Heinrich Bullinger – Concerning Magistrates and Obedience of Subjects
Heinrich Bullinger is one of the most influential Reformers in Christian history. He was born in 1504, outside the city of Zurich, Switzerland, to parents who were living in a common-law marriage. His father, also named Heinrich, was the local parish priest who had been given permission for his illicit relationship by paying off the local bishop. Young Heinrich was the fifth child born to this couple, and his father began grooming him for the priesthood from an early age.
Bullinger was sent to monastic school where he studied the works of the great church fathers such as Aquinas, Augustine, and Bernard. Their writings stirred within Heinrich the desire for a personal experience with God. Upon graduation, he proceeded to the University of Cologne in Germany, where he began to realize the importance of studying the Scriptures for himself. This practice was rare among his Roman Catholic classmates, as tradition dominated the atmosphere and the Pope’s interpretations of Scripture were considered divine.
Zealots were burning the works of Martin Luther in Cologne, and this fanaticism piqued Heinrich’s interest. What was contained within those books that made the church feel the need to burn them? Upon obtaining copies of Luther’s work and of others who supported reform, Heinrich began to understand the doctrine of justification by faith in Christ alone. At age seventeen Bullinger surrendered to the call of the Holy Spirit, and his life was transformed.
Heinrich Bullinger became the head teacher at the Cistercian convent in Kappel, Switzerland, and began teaching his pupils the New Testament from a Reformed perspective. Because of Bullinger’s influence in the school, many monks themselves became reformers and took the Protestant way of worship back to their parishes. In many churches, the Protestant theology of worship began to replace Mass and Catholic tradition.
When Heinrich Bullinger met the Swiss Reformer Ulrich Zwingli in 1523, Heinrich’s life was affected profoundly. Young Heinrich was invited to accompany Zwingli on one of his speaking tours, and the legendary Reformer soon recognized Bullinger’s mastery of the Scriptures. At the time, neither man realized that the young protégé would one day fill as important a role in the Reformation as did Zwingli himself.
In 1528, Heinrich Bullinger accepted his first pastorate in a village church at Hausen, near Kappel. The position was part-time but helped Bullinger develop his pulpit skills. At the same time, his father, Heinrich, Sr., embraced Reformed theology and began to preach it from his own pulpit. However, the resistance from his parishioners was harsh and immediate, forcing the elder Bullinger to resign. In an ironic twist, young Heinrich became the new pastor of his father’s church and continued the reformation of the parish that his father had started.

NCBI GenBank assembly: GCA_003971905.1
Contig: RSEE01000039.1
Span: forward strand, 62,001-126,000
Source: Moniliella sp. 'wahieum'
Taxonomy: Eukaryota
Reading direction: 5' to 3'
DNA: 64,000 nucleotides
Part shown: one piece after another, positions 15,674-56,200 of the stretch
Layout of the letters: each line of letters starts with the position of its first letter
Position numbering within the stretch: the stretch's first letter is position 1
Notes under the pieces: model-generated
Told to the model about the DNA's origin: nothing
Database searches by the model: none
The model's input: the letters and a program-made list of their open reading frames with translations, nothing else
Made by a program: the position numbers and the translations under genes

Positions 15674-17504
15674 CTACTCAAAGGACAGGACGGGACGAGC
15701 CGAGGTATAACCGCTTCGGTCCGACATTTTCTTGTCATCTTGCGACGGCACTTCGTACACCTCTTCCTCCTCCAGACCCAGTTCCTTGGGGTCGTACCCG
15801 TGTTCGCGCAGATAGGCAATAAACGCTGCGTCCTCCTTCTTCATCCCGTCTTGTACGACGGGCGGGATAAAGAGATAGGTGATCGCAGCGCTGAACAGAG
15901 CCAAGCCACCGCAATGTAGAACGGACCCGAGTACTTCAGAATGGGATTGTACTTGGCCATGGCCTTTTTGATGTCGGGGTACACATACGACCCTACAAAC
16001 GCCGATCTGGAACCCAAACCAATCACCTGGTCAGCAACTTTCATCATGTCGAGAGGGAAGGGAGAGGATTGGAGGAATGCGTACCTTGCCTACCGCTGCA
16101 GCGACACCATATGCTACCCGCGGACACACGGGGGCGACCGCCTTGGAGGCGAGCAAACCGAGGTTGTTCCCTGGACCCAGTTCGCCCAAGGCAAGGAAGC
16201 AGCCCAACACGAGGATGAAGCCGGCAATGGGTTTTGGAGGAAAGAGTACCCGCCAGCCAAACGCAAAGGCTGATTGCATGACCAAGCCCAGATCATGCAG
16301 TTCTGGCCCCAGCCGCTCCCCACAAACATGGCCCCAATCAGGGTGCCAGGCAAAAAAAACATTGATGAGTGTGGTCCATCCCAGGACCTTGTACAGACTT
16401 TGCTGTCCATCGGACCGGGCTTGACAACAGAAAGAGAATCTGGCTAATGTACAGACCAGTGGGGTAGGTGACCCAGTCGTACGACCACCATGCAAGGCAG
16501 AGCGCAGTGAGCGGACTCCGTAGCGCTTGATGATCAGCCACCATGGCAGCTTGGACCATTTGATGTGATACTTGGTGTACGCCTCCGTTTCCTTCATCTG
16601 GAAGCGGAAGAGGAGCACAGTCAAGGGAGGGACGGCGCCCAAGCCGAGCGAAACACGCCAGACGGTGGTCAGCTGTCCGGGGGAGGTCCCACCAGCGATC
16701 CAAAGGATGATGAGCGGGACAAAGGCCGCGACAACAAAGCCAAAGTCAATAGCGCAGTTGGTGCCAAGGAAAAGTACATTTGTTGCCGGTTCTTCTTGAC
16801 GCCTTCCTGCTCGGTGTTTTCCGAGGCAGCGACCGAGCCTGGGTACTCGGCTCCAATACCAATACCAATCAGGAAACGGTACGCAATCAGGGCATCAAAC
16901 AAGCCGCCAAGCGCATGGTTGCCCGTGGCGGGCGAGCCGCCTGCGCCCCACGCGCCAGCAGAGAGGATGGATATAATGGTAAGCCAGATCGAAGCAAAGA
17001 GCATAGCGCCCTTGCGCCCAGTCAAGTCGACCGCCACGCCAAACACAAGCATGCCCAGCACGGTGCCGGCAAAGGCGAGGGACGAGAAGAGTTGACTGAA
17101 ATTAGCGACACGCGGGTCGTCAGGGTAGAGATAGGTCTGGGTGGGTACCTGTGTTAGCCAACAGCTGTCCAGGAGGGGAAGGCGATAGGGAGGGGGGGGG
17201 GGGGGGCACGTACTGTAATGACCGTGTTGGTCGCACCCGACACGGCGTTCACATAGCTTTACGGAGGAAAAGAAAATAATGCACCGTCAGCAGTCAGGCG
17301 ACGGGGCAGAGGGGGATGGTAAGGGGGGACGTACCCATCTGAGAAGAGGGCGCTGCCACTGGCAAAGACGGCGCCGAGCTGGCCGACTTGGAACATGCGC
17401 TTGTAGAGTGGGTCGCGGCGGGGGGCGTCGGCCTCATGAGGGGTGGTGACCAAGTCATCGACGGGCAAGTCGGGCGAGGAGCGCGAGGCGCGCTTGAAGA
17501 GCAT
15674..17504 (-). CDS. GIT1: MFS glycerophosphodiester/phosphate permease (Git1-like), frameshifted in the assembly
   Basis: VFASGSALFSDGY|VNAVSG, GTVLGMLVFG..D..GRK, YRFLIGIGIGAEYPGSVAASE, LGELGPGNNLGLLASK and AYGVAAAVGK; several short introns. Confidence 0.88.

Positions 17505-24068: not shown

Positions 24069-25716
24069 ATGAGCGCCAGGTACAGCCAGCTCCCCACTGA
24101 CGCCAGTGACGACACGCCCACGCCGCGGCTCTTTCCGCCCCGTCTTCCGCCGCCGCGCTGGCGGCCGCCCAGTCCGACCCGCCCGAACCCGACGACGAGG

In 1529, at the age of 25, Bullinger married his common-law wife, Anna Adischwyler, a devoted proponent of Reformation theology in her own right. Together they had 11 birth children and adopted many others. Remarkably, all six of their sons became Reformed ministers. Roman Catholic resistance had become violent, and in 1531 Zwingli was killed. Within days, Bullinger was asked to fill the empty pulpit Zwingli had left, and soon Heinrich Bullinger was recognized as the new leader of the Swiss Reformation.
Throughout his life and ministry, Bullinger was a generous and tireless servant. He and Anna opened their homes to widows, orphans, and those fleeing the persecution of the Roman Catholic Church. He was a prolific writer—127 titles, as well as 12,000 letters—and produced many important works. In 1536 Bullinger helped write the First Helvetic Confession, which attempted to reconcile a disagreement between Luther’s followers and Zwingli’s; in 1549, he wrote Consensus Tigerinus, a cooperation with John Calvin to clarify the Protestant understanding of the Lord’s Supper; in 1566, Bullinger helped unify other factions of the Protestant Reformation with his Second Helvetic Confession.
Heinrich Bullinger paved the way for all non-Catholic Christians to return to the Scriptures as their sole authority. Bullinger’s zeal for truth empowered future generations to seek truth from Scripture and to rely upon the guidance of the Holy Spirit, not the Pope, to explain it (1 Corinthians 2:2–5; John 16:13–14).